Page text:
Businessman McAllen placed on probation after pleading guilty to transporting illegal aliens – Progress Times
A federal judge placed businessman McAllen on probation last week after pleading guilty to transporting an illegal alien.
U.S. District Judge Randy Crane placed 51-year-old Jose Luis Trejo of McAllen on probation for three years.
“I would like you to know how sincerely sorry I am,” Trejo said Sept. 9, when he appeared before Crane for sentencing.
A grand jury indicted Trejo, owner of McAllen-based Best Medical Supply, with a 2020 federal money laundering charge. He pleaded not guilty.
After nearly two years of pretrial proceedings, federal prosecutors have agreed to drop the money laundering charge if Trejo pleads guilty to transporting an illegal alien instead.
“We’re just very pleased with the outcome for Mr. Trejo and his family,” said San Antonio attorney Jason M. Davis, who represented Trejo. “We appreciate that after a very lengthy investigation, the government has agreed to dismiss the indictment.”
The FBI arrested Trejo after conducting an undercover operation.
In February 2020, according to the indictment against him, “Jose Luis Trejo conducted and attempted to conduct a financial transaction affecting interstate or foreign commerce involving property represented by an individual as a product and property used to conduct or facilitating a specified illegal activity, namely: bribing a public official and illegally smuggling goods from the United States.
The government had already seized about $347,000 worth of gold coins during the investigation, according to the indictment. In addition to parts, the government wanted Trejo to give up $400,000 and a warehouse in Hidalgo.
Although the indictment provided a summary of the scheme – Trejo had carried out some sort of financial transaction involving “products and property” allegedly linked to corruption and smuggling – it did not provide any details.
The details emerged, piece by piece, during court hearings in 2021 and 2022, when the prosecutor, Assistant U.S. Attorney Roberto “Bobby” Lopez Jr., discussed the case with Trejo’s attorneys.
Trejo had business dealings with former Peñitas City Manager Omar Romero, who pleaded guilty in the Western Hidalgo County bribery case, and former Hidalgo County EMS CEO Kenneth B. Ponce, who pleaded guilty to conspiracy to commit bankruptcy fraud.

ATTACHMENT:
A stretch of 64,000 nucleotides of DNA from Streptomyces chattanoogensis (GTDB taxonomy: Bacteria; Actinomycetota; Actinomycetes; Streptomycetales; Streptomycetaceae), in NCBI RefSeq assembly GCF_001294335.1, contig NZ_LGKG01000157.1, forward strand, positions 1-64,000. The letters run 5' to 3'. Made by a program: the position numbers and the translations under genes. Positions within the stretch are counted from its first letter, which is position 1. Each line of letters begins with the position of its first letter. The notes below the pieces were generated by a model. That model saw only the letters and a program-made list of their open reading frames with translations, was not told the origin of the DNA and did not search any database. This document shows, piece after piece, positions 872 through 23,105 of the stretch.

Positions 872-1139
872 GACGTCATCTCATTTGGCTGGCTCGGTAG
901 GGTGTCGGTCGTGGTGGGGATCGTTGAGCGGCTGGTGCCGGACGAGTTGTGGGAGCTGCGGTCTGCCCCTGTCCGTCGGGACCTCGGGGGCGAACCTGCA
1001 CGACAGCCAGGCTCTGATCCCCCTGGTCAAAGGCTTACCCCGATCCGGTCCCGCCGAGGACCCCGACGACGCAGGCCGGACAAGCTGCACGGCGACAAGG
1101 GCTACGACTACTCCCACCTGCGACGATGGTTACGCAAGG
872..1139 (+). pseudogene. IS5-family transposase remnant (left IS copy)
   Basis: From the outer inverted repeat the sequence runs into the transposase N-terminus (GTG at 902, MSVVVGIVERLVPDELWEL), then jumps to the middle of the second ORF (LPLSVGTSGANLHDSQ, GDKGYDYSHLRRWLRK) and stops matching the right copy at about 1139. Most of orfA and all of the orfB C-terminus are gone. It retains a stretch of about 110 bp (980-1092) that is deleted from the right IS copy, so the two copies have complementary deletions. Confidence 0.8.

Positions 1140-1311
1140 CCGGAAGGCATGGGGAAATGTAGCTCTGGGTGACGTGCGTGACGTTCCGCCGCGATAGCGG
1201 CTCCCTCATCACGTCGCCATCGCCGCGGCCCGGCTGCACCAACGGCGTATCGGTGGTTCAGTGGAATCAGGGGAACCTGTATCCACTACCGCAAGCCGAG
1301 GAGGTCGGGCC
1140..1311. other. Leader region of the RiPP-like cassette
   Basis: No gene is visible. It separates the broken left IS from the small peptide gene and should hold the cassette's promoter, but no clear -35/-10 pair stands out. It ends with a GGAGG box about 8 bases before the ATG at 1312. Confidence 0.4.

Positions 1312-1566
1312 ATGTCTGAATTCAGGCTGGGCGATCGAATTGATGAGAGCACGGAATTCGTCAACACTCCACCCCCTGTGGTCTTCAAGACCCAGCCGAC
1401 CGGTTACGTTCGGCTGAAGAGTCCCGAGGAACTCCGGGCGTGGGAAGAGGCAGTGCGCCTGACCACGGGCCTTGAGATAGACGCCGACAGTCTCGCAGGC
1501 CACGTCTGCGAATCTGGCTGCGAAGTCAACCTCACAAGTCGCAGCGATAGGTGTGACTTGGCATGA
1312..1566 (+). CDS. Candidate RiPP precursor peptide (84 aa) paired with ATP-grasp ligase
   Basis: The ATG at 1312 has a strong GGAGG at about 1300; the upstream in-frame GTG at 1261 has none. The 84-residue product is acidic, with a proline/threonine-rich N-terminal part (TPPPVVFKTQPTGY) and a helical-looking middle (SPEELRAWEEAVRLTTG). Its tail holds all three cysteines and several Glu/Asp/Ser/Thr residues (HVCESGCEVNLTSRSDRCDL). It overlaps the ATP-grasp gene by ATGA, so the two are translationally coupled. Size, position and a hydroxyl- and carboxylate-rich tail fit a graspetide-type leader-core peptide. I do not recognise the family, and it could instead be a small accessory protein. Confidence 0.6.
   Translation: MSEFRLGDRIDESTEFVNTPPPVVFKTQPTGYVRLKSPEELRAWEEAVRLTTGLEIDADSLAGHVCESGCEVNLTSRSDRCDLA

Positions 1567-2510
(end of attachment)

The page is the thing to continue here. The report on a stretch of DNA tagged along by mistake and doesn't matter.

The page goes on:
“Ultimately, Mr. Trejo was not involved in any of these lawsuits,” said attorney Alejandro Ballesteros of McAllen, who represented Trejo. “That’s why the government didn’t prosecute him.”
The money laundering charge, however, involved Jesus Juraidini, a Brownsville businessman.
Trejo’s attorneys described Juraidini as “the Gulf Cartel’s top extortionist.” Sometime between 2018 and 2020, Juraidini apparently began cooperating with the FBI.
Juraidini participated in the sting operation that targeted Trejo.
“He’s a guy who admitted to being a cartel enforcer, meeting Mr. Trejo and saying, ‘Hey, are you going to give me a check for this money?’ Mr. Trejo said: “I don’t have a lot of money,” Davis told a hearing in February 2022, when he summed up the sting operation. “The truth is, Mr. Justice , as we stated in the motion, that he had that much money, he just refused to do it.
Juraidini suggested he could buy property instead, Davis said, and Trejo felt compelled to sell.
“Mr. Trejo, knowing this guy was an extortionist, said, ‘Okay, I’ll sell it to you. I’ll give you a deal on this. Whatever,'” Davis said.
No bribery or smuggling took place as part of the sting operation.
Juraidini pleaded guilty to conspiracy to defraud the United States. He is due to be sentenced in December.
It remains unclear whether or not Trejo cooperated with the government and, if so, what information he provided to prosecutors.
In March 2021, attorneys for Trejo said they needed more time to review the evidence and “continue efforts to negotiate a possible agreed resolution to the case.”
“Because the basis of this motion includes matters that are the subject of a government motion under USSG §5K1.1, this motion to maintain has been filed under seal,” according to the motion, which no. had not been filed under seal.
The motion referred to Section §5K1.1 of the US Sentencing Commission’s guidelines manual, which explains how a person who provides “substantial assistance” to the government can receive a reduced sentence.
Trejo reached a settlement with prosecutors in July 2022.
He agreed to plead guilty to transporting an illegal alien, which carries a maximum sentence of 5 years in prison. Prosecutors, meanwhile, agreed to drop the money laundering charge, which carries a maximum of 20 years in prison.
The standard two-page plea agreement also had an addendum, which remains sealed.
Trejo pleaded guilty on July 11, when he confessed to transporting “an alien who came, entered, and remained in the United States contrary to law” from McAllen to San Antonio.
Trejo returned to court last week for sentencing.
Crane, the federal judge, placed Trejo on probation for three years and fined him $5,000. Trejo must also pay a $5,000 fee required by the Justice for Victims of Trafficking Act of 2015.
“I wish to express my true remorse for my actions,” Trejo said.